After my last post, I thought I could take it one step further and give you a few tips that will instantly improve your mixes and the greatest part is that it does not cost a penny! Yes, totally FREE with no gear, plugins or anything else to purchase! These are concepts that have worked for many mix engineers for decades and when I started to use these techniques several years ago, I started to see major improvements to my final mixes. So here we go……
1. Pick the section of the song that has the most impact to mix first. Maybe that’s the final chorus or maybe it’s the bridge section. You want to find a section where all the instruments are playing and it has the most going on. The concept is to make this particular section, the climax of the song sound as BIG as possible. This is where you want the most punch / payoff. If you mix this section first and make the track “slammin” then everything else will fall nicely underneath. What you don’t want to do is mix the verse first, make that part of the song sound amazing and push everything to the limit, then you have no where to go from there. In other words, you don’t want the verses of the track sound “BIGGER” than the chorus or climax of the song. Make sense?
2. Never mix in solo mode except for the first instrument you choose to mix. Let me explain and use a simple example. Let’s say you usually mix your drums first and mix your kick drum as the first track to EQ, compress, mix etc. Go ahead and solo the kick drum and process you’re the track as normal. Next you’re ready to do the snare right? Ok, go ahead and solo the snare but do not mute the kick drum you just worked on. Mix the snare while listening to that kick drum. Make the snare sound good playing along with the kick. Next up, mix the toms, once again solo the first tom track and process that track while keeping the kick and snare playing as well. Keep repeating this until you work your through all the tracks in the song. It’s important to make things sound good together and not just soloed. Who cares if you have this amazing snare drum sound in solo but when you put it in the context of the mix the snare sounds muddy or too harsh. Just like mixing in mono, if this is a new concept to you it may be a challenge at first because you really need to listen and train your ears to focus, especially when you apply EQ. It’s much more difficult to hear the changes in EQ when the track your working on is NOT in solo mode. However, once you get good at this technique you will not only be able to mix at a faster pace but the final result will be much more desirable.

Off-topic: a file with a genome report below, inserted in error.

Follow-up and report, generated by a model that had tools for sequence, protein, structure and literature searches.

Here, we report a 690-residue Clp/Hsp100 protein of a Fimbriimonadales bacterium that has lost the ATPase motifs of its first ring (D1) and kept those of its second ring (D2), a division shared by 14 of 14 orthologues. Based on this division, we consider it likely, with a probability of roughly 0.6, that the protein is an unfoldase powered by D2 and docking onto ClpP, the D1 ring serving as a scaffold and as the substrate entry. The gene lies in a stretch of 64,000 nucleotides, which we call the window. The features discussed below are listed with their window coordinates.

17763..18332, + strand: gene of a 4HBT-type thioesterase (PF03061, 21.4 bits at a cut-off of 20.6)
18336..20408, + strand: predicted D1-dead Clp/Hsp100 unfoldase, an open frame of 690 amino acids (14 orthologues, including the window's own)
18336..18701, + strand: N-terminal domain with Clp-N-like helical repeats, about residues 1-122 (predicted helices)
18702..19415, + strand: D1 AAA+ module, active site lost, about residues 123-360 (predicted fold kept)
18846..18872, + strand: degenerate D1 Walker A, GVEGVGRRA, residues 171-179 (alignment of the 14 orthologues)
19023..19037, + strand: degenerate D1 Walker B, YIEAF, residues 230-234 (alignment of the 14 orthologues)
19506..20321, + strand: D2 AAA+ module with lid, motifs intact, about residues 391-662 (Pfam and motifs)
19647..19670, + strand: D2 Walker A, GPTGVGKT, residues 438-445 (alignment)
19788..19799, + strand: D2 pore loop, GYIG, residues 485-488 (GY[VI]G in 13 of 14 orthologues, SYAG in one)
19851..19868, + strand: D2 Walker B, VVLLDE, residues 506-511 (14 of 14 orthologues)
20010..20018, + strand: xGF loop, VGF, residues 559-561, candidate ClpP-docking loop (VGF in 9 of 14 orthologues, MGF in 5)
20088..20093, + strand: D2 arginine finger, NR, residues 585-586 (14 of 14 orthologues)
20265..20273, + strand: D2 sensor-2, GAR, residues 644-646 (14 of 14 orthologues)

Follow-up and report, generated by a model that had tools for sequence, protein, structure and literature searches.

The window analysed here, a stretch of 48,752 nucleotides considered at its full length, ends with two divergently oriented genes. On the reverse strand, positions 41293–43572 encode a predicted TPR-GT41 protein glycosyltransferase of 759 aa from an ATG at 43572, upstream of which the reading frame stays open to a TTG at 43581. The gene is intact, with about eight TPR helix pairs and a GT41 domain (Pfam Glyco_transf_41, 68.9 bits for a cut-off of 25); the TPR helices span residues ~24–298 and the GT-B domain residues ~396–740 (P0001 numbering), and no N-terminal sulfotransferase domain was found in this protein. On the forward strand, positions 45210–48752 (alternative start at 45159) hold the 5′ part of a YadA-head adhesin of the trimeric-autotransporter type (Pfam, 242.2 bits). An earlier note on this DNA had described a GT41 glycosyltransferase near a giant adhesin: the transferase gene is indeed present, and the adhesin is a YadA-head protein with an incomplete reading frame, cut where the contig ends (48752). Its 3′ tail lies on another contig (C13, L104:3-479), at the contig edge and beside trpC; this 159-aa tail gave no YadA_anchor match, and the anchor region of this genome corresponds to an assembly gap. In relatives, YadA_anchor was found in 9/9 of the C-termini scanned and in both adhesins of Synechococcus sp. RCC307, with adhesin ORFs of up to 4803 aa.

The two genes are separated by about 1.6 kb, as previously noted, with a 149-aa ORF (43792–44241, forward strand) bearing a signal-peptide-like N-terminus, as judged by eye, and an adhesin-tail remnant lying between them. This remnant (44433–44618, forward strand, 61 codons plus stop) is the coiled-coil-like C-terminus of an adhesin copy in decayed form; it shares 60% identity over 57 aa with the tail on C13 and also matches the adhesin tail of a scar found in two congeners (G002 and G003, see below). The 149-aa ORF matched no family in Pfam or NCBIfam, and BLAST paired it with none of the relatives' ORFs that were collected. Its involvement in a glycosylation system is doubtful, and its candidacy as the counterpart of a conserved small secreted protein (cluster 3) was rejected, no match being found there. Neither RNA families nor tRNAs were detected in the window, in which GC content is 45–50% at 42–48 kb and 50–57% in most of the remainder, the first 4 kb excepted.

3. Speaking of mixing in mono……Do most of your mixing in mono. You may have heard of this before. Mixing in mono will force you to do a better job at balancing levels and getting your EQ right so that you can hear all instruments coming right up the middle. If you get a balanced mono mix where all the instruments have clarity and balance, when you flip back to stereo, your mix will sound much more professional. Yes, it’s much harder to mix in mono and in mono mode you will instantly hear where your mix is going wrong. So, my suggestion would be to do 90% of your mix in mono. Towards the end of the mix, when you think you “got it right” flip back to stereo and put on the final touches, panning etc. If you have never done this before you will more than likely hate it at first because it’s a lot more challenging in my opinion. However it will develop your ear much more quickly and it will absolutely sharpen your skills as a mixer.
See you next time for PT 2..........
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